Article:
1. Lawyer up, or do your research. You need to finalize if you are going to DIY your will, or if you will require a lawyer’s help. Keep in mind that your will is a binding legal document, and if written badly, can cost your heirs thousands of dollars and a lot of problems. So if you can make your will, make sure it’s ironclad.
2. Who are your beneficiaries? Think of everything you have, and who you think will appreciate and benefit from it. Are you worried about your spouse? Is there a disowned child you want to keep out from getting any of what you own? Do you also want to give your collection of stamps to your buddy who collects? What about your car? What about your timeshare? Don’t forget about your country club memberships or your rental in Miami. Think of anything and everything you would like to pass on and put them in your will. Charities close your heart can also be assigned in your will.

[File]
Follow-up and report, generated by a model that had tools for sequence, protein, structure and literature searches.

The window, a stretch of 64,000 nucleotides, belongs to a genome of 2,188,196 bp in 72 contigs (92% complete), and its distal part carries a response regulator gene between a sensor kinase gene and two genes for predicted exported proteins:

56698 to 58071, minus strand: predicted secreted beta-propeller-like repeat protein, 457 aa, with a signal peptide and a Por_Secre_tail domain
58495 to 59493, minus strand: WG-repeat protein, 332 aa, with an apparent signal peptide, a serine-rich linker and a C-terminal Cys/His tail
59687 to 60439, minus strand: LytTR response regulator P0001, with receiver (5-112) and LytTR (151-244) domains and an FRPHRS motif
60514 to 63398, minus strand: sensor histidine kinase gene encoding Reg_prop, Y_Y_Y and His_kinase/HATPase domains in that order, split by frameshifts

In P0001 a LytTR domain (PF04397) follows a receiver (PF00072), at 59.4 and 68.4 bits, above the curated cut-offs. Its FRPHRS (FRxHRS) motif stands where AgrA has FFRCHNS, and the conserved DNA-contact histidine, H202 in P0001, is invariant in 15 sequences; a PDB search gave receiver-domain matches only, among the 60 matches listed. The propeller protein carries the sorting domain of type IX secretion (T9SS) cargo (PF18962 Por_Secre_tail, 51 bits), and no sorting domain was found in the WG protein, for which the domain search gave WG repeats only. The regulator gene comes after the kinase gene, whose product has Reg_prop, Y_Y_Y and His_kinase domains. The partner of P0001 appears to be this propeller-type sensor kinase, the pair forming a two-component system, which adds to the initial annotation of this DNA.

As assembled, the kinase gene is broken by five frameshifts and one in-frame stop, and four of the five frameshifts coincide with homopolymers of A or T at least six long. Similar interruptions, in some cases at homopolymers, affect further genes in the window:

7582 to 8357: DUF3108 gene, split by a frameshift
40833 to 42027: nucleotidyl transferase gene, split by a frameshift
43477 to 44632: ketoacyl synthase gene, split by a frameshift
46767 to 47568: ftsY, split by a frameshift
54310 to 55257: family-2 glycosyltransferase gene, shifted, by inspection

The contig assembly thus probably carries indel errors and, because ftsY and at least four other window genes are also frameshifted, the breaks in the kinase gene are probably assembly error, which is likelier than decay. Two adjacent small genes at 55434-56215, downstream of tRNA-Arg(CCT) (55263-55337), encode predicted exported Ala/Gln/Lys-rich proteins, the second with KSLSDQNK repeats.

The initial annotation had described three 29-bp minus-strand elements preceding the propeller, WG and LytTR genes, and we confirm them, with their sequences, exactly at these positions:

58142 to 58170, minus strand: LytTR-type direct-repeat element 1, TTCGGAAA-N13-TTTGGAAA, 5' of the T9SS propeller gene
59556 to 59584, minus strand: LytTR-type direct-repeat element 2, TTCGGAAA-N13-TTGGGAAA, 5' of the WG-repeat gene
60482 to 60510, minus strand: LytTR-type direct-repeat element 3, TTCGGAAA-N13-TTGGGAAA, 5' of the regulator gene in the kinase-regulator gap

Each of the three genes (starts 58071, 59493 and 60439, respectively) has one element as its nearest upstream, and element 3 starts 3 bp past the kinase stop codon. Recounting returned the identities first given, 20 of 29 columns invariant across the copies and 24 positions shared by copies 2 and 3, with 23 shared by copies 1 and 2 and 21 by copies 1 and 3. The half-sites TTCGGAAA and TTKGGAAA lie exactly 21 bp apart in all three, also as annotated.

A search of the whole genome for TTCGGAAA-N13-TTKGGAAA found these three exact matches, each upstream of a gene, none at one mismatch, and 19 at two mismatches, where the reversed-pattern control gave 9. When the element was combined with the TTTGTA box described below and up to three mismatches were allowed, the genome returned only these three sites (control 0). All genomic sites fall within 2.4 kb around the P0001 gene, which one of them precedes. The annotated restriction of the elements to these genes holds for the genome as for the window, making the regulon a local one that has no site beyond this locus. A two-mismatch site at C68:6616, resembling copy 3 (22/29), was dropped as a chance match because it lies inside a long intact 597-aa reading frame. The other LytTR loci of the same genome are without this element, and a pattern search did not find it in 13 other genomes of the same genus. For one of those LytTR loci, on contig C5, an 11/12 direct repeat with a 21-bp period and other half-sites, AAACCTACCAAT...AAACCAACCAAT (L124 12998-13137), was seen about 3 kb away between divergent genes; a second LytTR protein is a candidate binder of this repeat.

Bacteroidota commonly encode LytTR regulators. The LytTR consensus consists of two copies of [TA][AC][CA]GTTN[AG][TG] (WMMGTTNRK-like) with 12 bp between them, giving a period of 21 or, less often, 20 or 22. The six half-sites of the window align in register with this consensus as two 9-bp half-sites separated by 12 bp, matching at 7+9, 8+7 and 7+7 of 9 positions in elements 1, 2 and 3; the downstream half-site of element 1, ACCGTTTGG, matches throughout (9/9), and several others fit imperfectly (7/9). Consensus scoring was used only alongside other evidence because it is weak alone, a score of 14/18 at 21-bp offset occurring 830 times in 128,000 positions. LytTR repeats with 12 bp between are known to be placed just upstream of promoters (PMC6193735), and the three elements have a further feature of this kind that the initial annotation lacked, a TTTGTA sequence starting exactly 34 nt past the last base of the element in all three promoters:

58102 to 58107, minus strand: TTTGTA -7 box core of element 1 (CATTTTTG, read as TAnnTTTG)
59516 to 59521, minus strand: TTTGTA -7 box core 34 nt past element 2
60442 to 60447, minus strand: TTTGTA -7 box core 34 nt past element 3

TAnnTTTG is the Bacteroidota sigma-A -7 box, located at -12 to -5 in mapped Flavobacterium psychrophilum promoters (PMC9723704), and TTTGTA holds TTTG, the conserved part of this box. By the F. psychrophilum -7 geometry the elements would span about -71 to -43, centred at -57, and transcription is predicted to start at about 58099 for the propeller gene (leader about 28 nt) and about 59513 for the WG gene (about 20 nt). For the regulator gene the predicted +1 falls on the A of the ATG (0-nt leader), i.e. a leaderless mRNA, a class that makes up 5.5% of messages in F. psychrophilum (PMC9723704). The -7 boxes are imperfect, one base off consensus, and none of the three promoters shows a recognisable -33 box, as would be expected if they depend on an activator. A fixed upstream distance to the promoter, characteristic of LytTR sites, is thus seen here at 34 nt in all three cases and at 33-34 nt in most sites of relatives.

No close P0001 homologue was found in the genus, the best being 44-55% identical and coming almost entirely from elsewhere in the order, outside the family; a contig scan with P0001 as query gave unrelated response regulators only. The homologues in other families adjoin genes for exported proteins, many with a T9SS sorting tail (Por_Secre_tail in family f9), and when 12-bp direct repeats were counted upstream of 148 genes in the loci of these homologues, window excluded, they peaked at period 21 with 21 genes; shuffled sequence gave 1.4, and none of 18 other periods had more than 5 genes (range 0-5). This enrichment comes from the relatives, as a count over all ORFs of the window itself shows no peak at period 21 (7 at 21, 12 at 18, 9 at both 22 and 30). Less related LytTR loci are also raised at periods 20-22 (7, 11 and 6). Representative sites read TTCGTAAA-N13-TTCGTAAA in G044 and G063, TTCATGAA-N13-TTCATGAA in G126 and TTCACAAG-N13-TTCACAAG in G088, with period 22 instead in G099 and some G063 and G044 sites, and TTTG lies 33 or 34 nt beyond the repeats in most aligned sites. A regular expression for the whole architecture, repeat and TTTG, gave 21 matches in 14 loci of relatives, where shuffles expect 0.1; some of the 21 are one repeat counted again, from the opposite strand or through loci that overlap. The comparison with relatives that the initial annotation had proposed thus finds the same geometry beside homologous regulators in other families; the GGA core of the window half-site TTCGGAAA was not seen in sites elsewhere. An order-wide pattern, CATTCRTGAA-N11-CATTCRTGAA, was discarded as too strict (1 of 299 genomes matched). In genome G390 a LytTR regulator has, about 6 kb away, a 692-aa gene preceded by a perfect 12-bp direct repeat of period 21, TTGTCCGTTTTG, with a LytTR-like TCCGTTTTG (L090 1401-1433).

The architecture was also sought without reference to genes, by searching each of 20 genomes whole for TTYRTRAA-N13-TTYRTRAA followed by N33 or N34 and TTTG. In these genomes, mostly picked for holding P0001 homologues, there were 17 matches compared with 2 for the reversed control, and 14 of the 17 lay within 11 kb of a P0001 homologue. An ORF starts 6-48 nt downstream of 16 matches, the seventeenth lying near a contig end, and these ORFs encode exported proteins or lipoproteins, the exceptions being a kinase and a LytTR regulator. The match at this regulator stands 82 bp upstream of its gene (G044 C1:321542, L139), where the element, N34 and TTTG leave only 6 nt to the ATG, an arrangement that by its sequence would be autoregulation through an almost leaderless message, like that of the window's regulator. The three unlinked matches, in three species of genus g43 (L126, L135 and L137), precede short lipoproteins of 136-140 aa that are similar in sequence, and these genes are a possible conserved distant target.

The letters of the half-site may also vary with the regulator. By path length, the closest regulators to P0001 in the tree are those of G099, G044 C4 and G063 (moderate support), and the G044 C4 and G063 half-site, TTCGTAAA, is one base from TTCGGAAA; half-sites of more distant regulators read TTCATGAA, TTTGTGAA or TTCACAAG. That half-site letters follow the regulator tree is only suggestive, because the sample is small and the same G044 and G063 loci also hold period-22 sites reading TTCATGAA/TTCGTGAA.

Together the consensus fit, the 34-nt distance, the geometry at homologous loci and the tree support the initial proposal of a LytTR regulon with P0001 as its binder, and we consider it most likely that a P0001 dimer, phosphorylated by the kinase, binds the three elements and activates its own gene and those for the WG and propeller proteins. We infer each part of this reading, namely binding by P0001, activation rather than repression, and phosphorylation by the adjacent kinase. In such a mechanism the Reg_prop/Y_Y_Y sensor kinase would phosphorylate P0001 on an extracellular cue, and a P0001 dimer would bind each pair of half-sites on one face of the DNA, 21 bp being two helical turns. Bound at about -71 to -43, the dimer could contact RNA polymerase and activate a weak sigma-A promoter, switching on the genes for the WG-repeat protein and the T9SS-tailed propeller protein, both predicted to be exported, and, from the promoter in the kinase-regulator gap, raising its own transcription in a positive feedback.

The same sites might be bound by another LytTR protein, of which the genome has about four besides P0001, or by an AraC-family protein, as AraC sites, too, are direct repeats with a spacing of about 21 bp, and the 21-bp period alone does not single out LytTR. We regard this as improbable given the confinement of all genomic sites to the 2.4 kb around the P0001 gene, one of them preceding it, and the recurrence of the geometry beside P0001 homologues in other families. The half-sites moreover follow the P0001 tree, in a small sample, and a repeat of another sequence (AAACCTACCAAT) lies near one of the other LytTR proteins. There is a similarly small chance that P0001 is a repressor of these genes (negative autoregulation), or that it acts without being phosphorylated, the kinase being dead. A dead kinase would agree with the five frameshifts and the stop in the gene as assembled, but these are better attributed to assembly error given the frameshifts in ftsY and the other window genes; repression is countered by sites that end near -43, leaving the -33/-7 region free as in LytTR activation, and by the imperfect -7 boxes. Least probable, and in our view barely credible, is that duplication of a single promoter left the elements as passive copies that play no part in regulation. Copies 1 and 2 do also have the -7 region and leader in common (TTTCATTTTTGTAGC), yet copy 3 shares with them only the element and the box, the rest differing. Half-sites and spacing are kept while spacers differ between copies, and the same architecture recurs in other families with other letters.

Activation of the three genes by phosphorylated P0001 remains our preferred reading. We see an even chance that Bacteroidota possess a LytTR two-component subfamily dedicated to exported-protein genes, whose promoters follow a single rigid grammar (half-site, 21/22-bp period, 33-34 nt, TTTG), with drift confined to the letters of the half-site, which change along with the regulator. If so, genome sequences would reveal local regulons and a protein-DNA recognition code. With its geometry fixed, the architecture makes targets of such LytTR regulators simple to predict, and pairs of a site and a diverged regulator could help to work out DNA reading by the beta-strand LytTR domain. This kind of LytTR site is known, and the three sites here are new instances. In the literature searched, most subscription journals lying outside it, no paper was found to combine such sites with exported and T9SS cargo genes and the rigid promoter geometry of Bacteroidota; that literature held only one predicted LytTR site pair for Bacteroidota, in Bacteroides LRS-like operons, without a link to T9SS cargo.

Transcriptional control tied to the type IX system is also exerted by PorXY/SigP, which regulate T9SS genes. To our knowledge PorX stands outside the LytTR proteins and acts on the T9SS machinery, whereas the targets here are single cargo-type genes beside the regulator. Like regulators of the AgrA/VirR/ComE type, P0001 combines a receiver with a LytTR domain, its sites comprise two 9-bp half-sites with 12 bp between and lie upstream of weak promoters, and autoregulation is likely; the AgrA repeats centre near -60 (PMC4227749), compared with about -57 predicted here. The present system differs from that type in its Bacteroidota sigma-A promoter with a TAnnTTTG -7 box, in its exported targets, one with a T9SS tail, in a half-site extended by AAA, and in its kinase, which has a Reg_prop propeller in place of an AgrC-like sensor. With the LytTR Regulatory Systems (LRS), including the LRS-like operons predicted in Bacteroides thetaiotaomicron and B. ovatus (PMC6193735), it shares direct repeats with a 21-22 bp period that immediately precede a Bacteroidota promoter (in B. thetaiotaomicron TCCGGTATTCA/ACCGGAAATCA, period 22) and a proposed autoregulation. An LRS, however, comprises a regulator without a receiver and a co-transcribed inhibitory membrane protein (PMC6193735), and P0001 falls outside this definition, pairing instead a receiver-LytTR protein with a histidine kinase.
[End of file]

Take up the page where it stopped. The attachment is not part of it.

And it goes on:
3. Who will execute your will? An executor is a person who will make sure that your final wishes will be respected and followed. While you can assign this role to a trusted person and friend, it may cause problems among your beneficiaries. Most would advise a third party executor, like a bank, or a lawyer. They know the law better than you do, and they can help your family with dealing with taxes, fees and other aspects we cannot foresee.